13 NOVEMBER 1999, Page 60


virile genius Jane Gardam

SECRETS OF THE FLESH: A LIFE OF COLETTE by Judith Thurman Bloomsbury, £25, pp. 596

hen Colette was 61 the brilliant American journalist, Martha Gellhorn, met her on an ocean liner. Gellhom was the lover of Colette's ex-lover and stepson, Bertrand de Jouvenal.

She was a terrible woman [Gellhorn wrote],

absolute utter hell. She hated me ... She was lying on a chaise-longue with green shadows under her cat's eyes and a mean, bitter little mouth. She kept touching her frizzy hair that was tinted with henna. She insisted that I pencil in my eyebrows, and I did .. .Why? Because she told me to. And Bertrand just adored her all his life. He never understood when he was in the presence of evil.

Until I read this, surely the definitive, biography my view of Colette was the con- ventional one. I enjoyed most of the fiction and accepted that an aura of greatness hung about her like a nimbus: the foxy old trouper, the deluging writer, the 'first mod- ern Frenchwoman' who broke down sexual and social barriers; the spirit of old peasant France and the riff-raff demi-monde of Paris and the warm south, with its deca- dence and scents and flowers. At the end of her life in 1954 the nimbus had become roseate and she lay on a vast day-bed, her 'raft' in the Palais Royale, receiving the grandees of the literary world and the arts. There is a photograph in the book of Audrey Hepburn — Gigi — leaning against Colette's shoulder with her eyes half-shut in ecstasy. 'I hope she's not becoming sweet,' said Colette's third, delightful hus- band, the Jewish jeweller Maurice Goudeket.

Well, now my view has changed. There have been surprisingly few biographies of Colette and this one is immense, pains- taking and includes much new material. Thurman has read hundreds of unpub- lished letters and takes us through a maze of 80 years packed with crowds of the for- gettable and the 'great'. She beautifully integrates the works with the writer, and loves her subject first to last. She clearly has something of Colette's own stamina.

But the result is that our Colette must now be closer to Gellhorn's. Colette was indeed a 'terrible woman'; cruel, ruthless and ludicrously vain. She behaved barbari- cally towards her magnificent mother and sad daughter, took awful vengeance on her seedy old crook of a first husband, the pornographer and impresario, M. Willy, with whom she was in cahoots long after they were publicly at war — the man who at the least had saved her from her dread- ful Burgundian village and her mother's fate of having to play chess with the butch- er. And it is also clear now that during the occupation of Paris, in the second world war, Colette was a collaboratrice. By being so she certainly saved the life of her Jewish husband, but she had been contributing to the most pernicious of the fascist maga- zines well before. 'In politics,' she said, 'I was born under the sign of Passivity.' Her daughter and son-in-law worked for the Resistance.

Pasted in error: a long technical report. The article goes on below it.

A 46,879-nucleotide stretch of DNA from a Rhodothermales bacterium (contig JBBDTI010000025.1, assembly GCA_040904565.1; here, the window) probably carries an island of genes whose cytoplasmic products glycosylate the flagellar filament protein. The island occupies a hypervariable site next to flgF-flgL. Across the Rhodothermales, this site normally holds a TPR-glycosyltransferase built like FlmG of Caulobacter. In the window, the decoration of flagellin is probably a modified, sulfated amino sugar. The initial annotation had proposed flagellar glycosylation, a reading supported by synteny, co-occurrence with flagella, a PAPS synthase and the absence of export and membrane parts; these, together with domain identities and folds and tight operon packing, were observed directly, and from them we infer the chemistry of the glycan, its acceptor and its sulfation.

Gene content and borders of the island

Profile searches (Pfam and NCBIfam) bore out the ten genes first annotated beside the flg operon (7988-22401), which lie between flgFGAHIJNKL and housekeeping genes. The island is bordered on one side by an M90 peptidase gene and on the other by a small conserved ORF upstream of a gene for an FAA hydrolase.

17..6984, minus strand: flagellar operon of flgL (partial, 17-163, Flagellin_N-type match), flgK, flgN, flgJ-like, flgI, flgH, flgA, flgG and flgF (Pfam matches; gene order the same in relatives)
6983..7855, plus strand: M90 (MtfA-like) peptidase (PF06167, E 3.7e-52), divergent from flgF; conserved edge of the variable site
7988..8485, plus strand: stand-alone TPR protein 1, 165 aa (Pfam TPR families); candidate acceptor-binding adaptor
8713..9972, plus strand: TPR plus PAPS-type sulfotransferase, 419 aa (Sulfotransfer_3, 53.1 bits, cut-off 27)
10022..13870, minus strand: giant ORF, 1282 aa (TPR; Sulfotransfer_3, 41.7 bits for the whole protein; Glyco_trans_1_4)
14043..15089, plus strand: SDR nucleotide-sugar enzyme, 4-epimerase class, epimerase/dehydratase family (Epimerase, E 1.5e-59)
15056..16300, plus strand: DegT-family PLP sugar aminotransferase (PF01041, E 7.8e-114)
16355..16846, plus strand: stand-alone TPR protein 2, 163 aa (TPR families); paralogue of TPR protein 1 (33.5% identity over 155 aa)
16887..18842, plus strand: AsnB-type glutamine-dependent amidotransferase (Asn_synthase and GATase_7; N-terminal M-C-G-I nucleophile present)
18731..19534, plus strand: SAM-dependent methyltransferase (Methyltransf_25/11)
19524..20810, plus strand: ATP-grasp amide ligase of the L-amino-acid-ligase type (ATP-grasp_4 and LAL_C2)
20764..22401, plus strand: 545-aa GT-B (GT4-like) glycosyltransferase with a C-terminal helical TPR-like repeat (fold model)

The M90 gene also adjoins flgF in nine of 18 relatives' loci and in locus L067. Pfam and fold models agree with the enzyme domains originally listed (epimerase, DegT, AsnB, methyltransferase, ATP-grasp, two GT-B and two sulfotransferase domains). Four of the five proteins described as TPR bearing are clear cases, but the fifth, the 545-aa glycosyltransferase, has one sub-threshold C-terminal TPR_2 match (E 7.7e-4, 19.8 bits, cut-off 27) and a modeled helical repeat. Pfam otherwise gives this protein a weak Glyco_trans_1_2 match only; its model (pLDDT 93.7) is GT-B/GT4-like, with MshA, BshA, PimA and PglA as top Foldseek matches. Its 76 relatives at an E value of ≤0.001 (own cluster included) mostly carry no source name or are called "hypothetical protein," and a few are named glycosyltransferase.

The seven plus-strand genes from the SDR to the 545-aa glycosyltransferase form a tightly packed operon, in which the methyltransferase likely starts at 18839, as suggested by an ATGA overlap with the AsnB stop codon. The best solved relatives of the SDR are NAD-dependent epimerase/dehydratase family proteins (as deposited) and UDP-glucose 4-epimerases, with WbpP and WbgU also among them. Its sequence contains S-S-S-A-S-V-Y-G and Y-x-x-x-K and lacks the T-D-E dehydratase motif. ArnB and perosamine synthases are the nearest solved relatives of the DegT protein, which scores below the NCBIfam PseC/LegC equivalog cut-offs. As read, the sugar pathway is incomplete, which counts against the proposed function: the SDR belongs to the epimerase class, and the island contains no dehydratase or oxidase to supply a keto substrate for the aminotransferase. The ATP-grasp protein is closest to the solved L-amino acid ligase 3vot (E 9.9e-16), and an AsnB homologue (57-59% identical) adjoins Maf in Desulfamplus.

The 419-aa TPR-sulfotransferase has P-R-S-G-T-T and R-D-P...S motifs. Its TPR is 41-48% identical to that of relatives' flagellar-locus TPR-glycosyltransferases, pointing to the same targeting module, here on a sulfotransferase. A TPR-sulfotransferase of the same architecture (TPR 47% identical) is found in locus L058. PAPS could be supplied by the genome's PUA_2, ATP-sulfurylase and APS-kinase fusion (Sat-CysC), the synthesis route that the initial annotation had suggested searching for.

And her bravery? The hard life that flaunted convention? The 'exhaustion' of the one-night-stand vaudeville acts that took her on cold rattling trains across France to bare her 'famous left breast' to the provinces? And the daring stage embraces with her lover, the large and bewildered-looking Marquise de Belboeuf, a thoroughly nice woman who later shot herself? And the appearance cross-legged on a palette borne by muscular slaves (hilarious photograph) in a metallic conical bra like Madonna's? Surely she was having the time of her life?

Colette was a splendid self-publicist, journalist, critic, short-term lover and at length even wife, but everything except her fiction comes from the certainty of her own supreme importance. God, the Moral Law, she dismissed as bunk. Love occurs because of 'The Fall'. She refused to touch her new- born child or go to her dying mother who adored her and when she heard that her husband had returned unexpectedly from the concentration camp. she sat on for a time in the hairdresser's so as not to lose control. All Paris filed past her coffin for many hours when she died, the first woman in France, the second Jeanne d'Arc, But the only voices she had ever listened to were her own.

But. But. There is a deeper current min- gling with this shallow and rather polluted river, the one force that Colette allowed full spate, the force she called 'Instinct'. Instinct is at the heart of her fiction. Her range may be limited — 'Why can't you write a book that isn't about love, adultery and semi-incestuous couplings?' asked her second husband, Henry de Jouvenal — but the force within it is what has made the novels such great international sellers for the best part of the century.

'Instinct' is not just the pen running riot, for her manuscripts are heavily corrected and she wrestled with them, and once she was found tearing something up because she found herself 'writing like Colette'. Maybe her work was the only area where she was modest — or really serious? 'Instinct' was to let the sense of truth have its head, something that all writers think they want but usually don't dare to do. Hardy says, 'The novel should be what everyone is thinking and nobody dares to say.' It was in her fiction that Colette took real command, seducing us but at the same time getting deep in the cracks of our armour without kindness, affection or pity. ('Why don't you pencil in your eyebrows?') Shortly before her death Colette looked at the new edition of her Complete Works and said, 'Did I really write all that?', and it is her vitality, what Thurman calls her 'vir- ile genius', that is hard to match in litera- ture. Physical pain got her in the end, and there she was brave. She died well, quietly. Her last word was 'Regarde!' as she looked up at a wonderful sky. This is a superb biography.